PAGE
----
The 40+ horses and donkeys here…have ample food, water, and blankets as needed, to get them through this vortex. Why am I telling you all this??

Because this is reality. While the TV show will provide an amazing insight to the reality of horse rescue…this is something it will not show (only because it did not film during the winter up here). But, this is what horse rescuers endure all the time in the winter…in WI and the other northern states. Along with the emotional drain and just the mental struggles that rescuing horses requires…the physical labor aspect of it, is often forgotten….

In closing though, I would like to leave you all knowing that the horses here, that your donations and your support help provide for, are ready. We busted our butts the last few days to make sure (as much as is humanely possibly anyway) that they will get through this first polar vortex unscathed. That while we realize that every horse owner out there in the northern states (and every other rescue as well) is enduring the same weather…that rescue it is not just an emotional/wanting to help horses thing. It takes massive labor, long days, and exhausting physical effort to do. This is a huge part of the reality of horse rescue. I am exhausted. Both physically and mentally, but…I will be able to rest easy tonight and let my body recover…knowing that the 40+ horses here are provided for and not facing an uncertain future or freezing somewhere with no food or water. And THAT is what keeps us going….

Some worry that donations go to “pay” those running or working at a rescue. And, sometimes, they do. But, you know what…there was no one else here to do the work that we did today (or most any day for that matter). I don’t know anyone who would (other than my mother) without getting paid for it. So…if you worry that maybe your donation won’t “go directly to the horses” (even though none of us doing this work are getting paid)…just remember that if we don’t do it…who will…and our time, our labor, in addition to your donations, goes directly to the horses….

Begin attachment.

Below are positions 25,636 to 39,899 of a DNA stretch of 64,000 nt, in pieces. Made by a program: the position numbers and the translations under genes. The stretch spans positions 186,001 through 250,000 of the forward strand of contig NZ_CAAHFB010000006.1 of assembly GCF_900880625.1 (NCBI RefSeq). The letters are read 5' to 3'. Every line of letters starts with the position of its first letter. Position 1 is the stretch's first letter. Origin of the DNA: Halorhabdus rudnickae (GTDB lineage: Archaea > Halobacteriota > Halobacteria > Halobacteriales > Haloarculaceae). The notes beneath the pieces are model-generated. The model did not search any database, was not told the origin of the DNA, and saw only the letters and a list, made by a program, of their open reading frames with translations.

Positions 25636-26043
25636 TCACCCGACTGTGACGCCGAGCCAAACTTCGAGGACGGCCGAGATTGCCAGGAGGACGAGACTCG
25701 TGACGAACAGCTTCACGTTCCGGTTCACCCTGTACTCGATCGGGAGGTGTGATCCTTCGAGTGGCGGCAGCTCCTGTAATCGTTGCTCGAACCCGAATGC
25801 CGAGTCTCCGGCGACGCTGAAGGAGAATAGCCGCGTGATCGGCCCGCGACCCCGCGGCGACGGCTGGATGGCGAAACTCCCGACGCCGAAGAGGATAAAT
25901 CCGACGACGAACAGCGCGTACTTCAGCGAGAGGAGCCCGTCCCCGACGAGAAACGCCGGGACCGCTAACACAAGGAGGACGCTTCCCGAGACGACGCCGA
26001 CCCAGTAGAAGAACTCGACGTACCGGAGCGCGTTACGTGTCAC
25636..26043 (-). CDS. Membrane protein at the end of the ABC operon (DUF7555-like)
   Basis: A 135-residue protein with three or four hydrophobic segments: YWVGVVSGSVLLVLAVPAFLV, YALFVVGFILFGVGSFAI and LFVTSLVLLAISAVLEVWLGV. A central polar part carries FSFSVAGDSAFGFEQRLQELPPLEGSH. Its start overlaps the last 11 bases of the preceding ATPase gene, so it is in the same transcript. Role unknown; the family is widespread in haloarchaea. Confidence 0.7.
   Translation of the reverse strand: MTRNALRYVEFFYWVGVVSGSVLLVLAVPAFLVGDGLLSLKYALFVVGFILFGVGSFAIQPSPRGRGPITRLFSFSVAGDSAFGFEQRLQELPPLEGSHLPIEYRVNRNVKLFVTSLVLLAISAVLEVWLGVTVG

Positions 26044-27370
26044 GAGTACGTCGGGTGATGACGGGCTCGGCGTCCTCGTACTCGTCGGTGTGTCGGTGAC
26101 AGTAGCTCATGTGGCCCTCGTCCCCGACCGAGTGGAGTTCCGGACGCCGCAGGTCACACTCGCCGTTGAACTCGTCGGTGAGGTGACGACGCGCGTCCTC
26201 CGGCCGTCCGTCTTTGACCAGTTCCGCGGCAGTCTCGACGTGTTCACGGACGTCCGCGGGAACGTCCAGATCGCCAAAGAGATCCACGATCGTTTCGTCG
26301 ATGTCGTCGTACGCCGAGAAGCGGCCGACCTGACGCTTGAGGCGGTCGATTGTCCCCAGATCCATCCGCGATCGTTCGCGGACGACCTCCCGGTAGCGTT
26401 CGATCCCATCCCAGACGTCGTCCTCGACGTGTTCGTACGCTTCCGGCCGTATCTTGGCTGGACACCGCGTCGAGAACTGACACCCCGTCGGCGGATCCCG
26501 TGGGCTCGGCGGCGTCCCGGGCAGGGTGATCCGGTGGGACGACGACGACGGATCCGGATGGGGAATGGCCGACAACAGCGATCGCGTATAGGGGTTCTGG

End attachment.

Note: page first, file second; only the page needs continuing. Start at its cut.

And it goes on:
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Who REALLY makes a difference in the lives of the horses?

Pony Tales itself does not make a difference in the lives of the horses. Pony Tales itself does not make the world a better place for horses. Pony Tales, by itself, is nothing. Nothing other than the vehicle by which your generosity and your caring makes it possible to achieve great things for the horses out there in need.

When Pony Tales began, over 5 years ago, we had nothing but a dream and desire to help as many horses as we could. Our first year, we were only able to help 2 horses. In just the last year though, because of all of you, 139 horses have already found safety at our shelter. Just think about that for a minute. From 2 horses our first year, to 139 (and counting) in our fifth year. NONE of this could ever have happened without you. It is only as our support grew that we were able to grow. We truly are nothing without you all.

Going into our sixth year, we have the goal of helping at least 200 horses get to safety here. As always though, we cannot reach that goal without you. This is not a “job” for any one person. As always, this will be a team effort. We will need each of you on board and making it possible for us to help them. We have over 5500 followers on social media alone. Imagine what just $5 from each of you could do.

There’s still time to make your #GivingTuesday donations. Whether you can donate $5 or $5000, no amount is ever too small. You’re not helping Pony Tales with your donation…you are helping horses…and THAT is everyone’s goal.

Please Give Now!

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What can $5 and 2 minutes do?

Most everyone has $5 and 2 minutes to spare. A person would spend more time and more money in line at any restaurant, convenience store, mall, or even just sitting at their computer/phone/tablet. It’s not much and it doesn’t seem like much, but…just imagine what it could do for the horses out there in need…